Today as the Wichita City Council approved another round of cronyism and business welfare in the name of economic development, Mayor Carl Brewer spoke approvingly of the city’s efforts in this regard.
As quoted by the Wichita Eagle, Brewer said this of his critics:
“We recognize you can make any argument you choose,” Mayor Carl Brewer said. “Cities that prosper, the things they have to do … is make investments to do things. As long as we’re putting people to work and creating an environment … where new businesses come to our community, it provides the opportunity to grow new business.”
If the mayor and council believe what we’ve been doing has created prosperity and jobs, I wish he would take a look at numbers. When we compare the Wichita MSA to other areas and the country as a whole, we realize we’re not doing well at all.
This illustration shows GDP growth for the Wichita MSA (purple line) as compared to U.S. metropolitan areas (blue line) and all other MSAs (dimmed lines). I use data for MSAs because that is what is made available. Also, the city and county like to talk about a regional approach.
The top two charts show the growth in GDP for government, and then for the private sector. The bottom chart shows growth in GDP per capita (per person).
What can we observe from these charts? First, when considering output generated by government, Wichita tracks right along with the average U.S. MSA.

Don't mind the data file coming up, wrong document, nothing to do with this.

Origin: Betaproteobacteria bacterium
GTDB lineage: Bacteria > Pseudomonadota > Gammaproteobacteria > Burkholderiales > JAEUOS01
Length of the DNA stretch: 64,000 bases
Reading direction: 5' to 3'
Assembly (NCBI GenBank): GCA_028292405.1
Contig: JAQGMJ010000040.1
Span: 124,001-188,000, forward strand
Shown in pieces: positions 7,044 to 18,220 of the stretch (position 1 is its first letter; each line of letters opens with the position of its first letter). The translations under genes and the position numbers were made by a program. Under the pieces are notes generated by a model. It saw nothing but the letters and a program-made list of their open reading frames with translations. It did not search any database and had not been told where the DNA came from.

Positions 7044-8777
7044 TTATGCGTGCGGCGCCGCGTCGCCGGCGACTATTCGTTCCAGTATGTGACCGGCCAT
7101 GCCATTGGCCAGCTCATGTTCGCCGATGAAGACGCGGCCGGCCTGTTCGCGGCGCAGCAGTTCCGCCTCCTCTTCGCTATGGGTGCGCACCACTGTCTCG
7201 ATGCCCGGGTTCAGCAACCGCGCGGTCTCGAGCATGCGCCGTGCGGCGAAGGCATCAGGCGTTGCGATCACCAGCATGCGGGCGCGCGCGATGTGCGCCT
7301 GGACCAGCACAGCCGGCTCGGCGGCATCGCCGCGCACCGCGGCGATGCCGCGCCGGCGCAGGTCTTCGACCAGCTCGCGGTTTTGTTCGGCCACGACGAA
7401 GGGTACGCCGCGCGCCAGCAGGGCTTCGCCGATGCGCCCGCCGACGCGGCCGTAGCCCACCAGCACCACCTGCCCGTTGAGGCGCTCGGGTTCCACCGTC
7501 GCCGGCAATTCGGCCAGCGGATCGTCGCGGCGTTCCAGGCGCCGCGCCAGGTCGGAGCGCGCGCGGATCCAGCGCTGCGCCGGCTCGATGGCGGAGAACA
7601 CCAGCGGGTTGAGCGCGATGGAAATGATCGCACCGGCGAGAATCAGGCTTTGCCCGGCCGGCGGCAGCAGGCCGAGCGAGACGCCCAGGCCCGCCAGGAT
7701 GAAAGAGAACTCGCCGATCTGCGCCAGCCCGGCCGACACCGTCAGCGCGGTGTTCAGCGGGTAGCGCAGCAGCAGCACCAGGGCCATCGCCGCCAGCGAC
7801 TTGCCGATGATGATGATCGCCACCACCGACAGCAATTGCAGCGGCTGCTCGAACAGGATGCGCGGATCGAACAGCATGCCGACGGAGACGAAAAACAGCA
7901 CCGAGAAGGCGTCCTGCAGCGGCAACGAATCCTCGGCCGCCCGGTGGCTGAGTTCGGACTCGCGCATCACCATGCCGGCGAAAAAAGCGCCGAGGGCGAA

But when looking at GDP generated by private industry, Wichita does worse than the average of U.S. MSAs. There are not many MSAs that perform worse than Wichita.
Considering GDP Per Capita, we see the same story: Wichita underperforms.
If you would rather measure jobs instead of gross domestic product, see here for charts that tell the same story in different words: Wichita economic development solution, postponed.
Even if we believe that an active role for government in economic development is best (and I don’t believe that), we have to conclude that our efforts aren’t working. Carl Brewer has been on the city council or served as mayor since 2001, which is the time period illustrated in these charts.
Brewer, most city council members, and the city’s bureaucratic staff believe in taking an active role in economic development. Their vote to approve such action today is another in a long line of efforts to improve the economic performance of Wichita.
But I would ask Mayor Brewer and the council: How can you argue that this record reflects success?
(Dollar amounts are in chained 2005 dollars to eliminate the effects of inflation. Each metropolitan area is indexed to start at 100% so we can see the relative rates of growth. Data from U.S. Bureau of Economic Analysis (BEA). The interactive version of this visualization is at Growth in Gross Domestic Product by metropolitan area.)